Boomer Business Owners: The Silver Tsunami is Coming, Are You Ready? — Part 2 CategoriesThis Boomer's Life

Boomer Business Owners: The Silver Tsunami is Coming, Are You Ready? — Part 2

Today is my last day of a beautiful beach vacation in the Outer Banks of North Carolina (OBX).  My husband and I have walked on the beach at least once a day.  We especially love the early mornings.  The OBX may not be the best surfing spot in the world, but we usually see a surfer or two giving the waves a go.  This morning, we watched as a surfer paddled furiously out to the swell that held the promise of a big wave.  He turned, and seemed on the verge of jumping up, looking ahead and then to each side. By the time he looked back again, he had missed the wave.  He bowed his head and thumped it on the board, because he had missed the opportunity.

As a business owner who is also a Baby Boomer about to be hit with a wave, where will you be when your opportunity appears?  The catch phrase, the “Silver Tsunami,” indicates that the transfer of wealth will be immense.  Millions of businesses will be sold, shut down, or passed to the next generation.  The success or failure of those transitions largely depends on the preparation that you have done thus far, as well as going forward.  Just like the surfer that I watched this morning, business owners have to prepare in advance and be ready to ride the wave as soon as it comes over the horizon.

It is estimated that retiring Boomer business owners will sell or bequeath $10 trillion worth of assets over the next two decades.  These assets are held in more than 12 million privately owned businesses, and more than 70% of these companies are expected to be sold or passed to the next generation.  However, the majority of these business owners have never bought or sold a business before.  In fact, the global accounting and consulting firm, PWC, estimates that nearly one-third of owners of small to medium enterprises (SMEs) have no succession plan at all, and just 23% have a written succession plan that has been communicated to key stakeholders.  This lack of personal experience, lack of appreciation for the value of skilled external advisors, and overall lack of adequate preparation combine to undercut the value an owner is able to achieve, as well as the likelihood that a deal will even close.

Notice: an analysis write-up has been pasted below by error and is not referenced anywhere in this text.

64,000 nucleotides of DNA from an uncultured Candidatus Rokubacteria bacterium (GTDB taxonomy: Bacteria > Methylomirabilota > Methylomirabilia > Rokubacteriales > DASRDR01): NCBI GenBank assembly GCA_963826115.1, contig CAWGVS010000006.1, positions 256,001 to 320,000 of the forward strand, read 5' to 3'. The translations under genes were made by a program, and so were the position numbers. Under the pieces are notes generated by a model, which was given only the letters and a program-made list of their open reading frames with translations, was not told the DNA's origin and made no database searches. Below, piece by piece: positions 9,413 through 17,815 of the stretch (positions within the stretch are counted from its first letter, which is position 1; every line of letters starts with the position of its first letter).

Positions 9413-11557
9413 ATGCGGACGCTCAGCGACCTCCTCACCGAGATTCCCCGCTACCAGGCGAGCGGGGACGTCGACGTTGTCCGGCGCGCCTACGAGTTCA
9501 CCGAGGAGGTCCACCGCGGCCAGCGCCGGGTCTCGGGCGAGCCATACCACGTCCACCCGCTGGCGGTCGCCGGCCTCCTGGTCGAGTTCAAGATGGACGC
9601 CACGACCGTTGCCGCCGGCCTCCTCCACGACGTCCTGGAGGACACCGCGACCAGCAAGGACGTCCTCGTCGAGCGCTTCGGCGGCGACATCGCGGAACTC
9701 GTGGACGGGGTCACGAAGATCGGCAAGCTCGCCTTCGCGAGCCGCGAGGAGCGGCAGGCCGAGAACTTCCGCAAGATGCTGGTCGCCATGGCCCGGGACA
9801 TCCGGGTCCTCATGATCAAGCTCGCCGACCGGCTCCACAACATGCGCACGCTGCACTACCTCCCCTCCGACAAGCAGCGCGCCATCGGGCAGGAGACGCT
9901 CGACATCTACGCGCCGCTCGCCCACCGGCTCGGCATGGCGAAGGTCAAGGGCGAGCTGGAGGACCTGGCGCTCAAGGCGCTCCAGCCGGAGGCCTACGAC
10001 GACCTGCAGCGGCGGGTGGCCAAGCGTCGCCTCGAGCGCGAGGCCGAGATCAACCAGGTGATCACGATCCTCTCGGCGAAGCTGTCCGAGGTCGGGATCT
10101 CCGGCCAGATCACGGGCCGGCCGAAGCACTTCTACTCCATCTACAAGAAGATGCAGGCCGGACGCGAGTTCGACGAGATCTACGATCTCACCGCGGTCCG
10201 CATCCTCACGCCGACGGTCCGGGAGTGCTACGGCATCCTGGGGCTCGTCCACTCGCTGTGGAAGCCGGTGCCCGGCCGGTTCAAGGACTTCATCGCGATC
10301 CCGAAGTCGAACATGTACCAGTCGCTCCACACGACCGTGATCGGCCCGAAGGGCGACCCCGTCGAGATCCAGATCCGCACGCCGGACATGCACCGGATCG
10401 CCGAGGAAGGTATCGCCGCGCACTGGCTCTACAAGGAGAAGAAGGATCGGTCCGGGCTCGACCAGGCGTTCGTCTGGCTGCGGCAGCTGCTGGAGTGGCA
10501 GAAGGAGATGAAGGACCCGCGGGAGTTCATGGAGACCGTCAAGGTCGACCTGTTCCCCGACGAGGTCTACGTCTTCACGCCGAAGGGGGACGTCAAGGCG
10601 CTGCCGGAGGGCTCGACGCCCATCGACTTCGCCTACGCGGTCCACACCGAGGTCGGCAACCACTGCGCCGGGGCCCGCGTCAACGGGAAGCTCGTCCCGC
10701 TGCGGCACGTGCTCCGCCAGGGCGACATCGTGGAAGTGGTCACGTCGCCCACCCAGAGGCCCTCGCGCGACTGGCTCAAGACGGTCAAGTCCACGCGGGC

In Triple Pundit, Lisa Coffey published an article entitled: “Why So Many M&A Deals End in Failure.”  In the article, she cites data by Arizona Republic management consultant, Gary Miller, who concludes that “80 percent of small and middle market business owners who put their businesses up for sale never close the transaction.”  Coffey continues that, “It goes without saying that a quality deal is essential to a deal’s success. Most business owners do well to build a successful business, but seeking to monetize the same in some form of exit is still their Achilles heel. Most business owners have never sold a business, so for them it’s a once-in-a-lifetime event. Therefore, they lack the necessary skills to see the deal through on their own.”  Can you see how you might miss the wave and get hit by a tsunami instead?

Research also suggests that owners who choose NOT to utilize outside advisors, and who rely solely on internal personnel to execute a deal, often leave money on the table.  To address this need, my proprietary system, Triple A M&A™, fully prepares my clients and their teams for the deal, the transition phase, and beyond.  At Ascend, I coach clients to on how to do the necessary prep work through education, developing systems and processes to continue to operate the business effectively during the M&A process, and to identify psychological markers throughout the deal.

Let’s return to the image of an experienced surfer for a moment: he’s out there in the ocean paddling, using the waves to carry him forward.  He is choosing to participate, seeking every opportunity, and he’s enjoying the ride.  While he may miss a wave, he is confident that another one is coming.  By contrast, the inexperienced novice is just standing around on the shore, watching and hoping that he doesn’t miss out on all of the fun, or worse yet, get swept away by a tsunami.  

There is a very clear parallel here with business owners as well.  Some choose to identify and ride the big wave, and they plan accordingly, while others view the rising waves as threatening and endeavor to stay out of the way.  Let me help you ride the wave of opportunity to financial success, leaving a legacy intact through preparation, self-awareness, readiness, and resilience.

Leave a Comment

Your email address will not be published. Required fields are marked *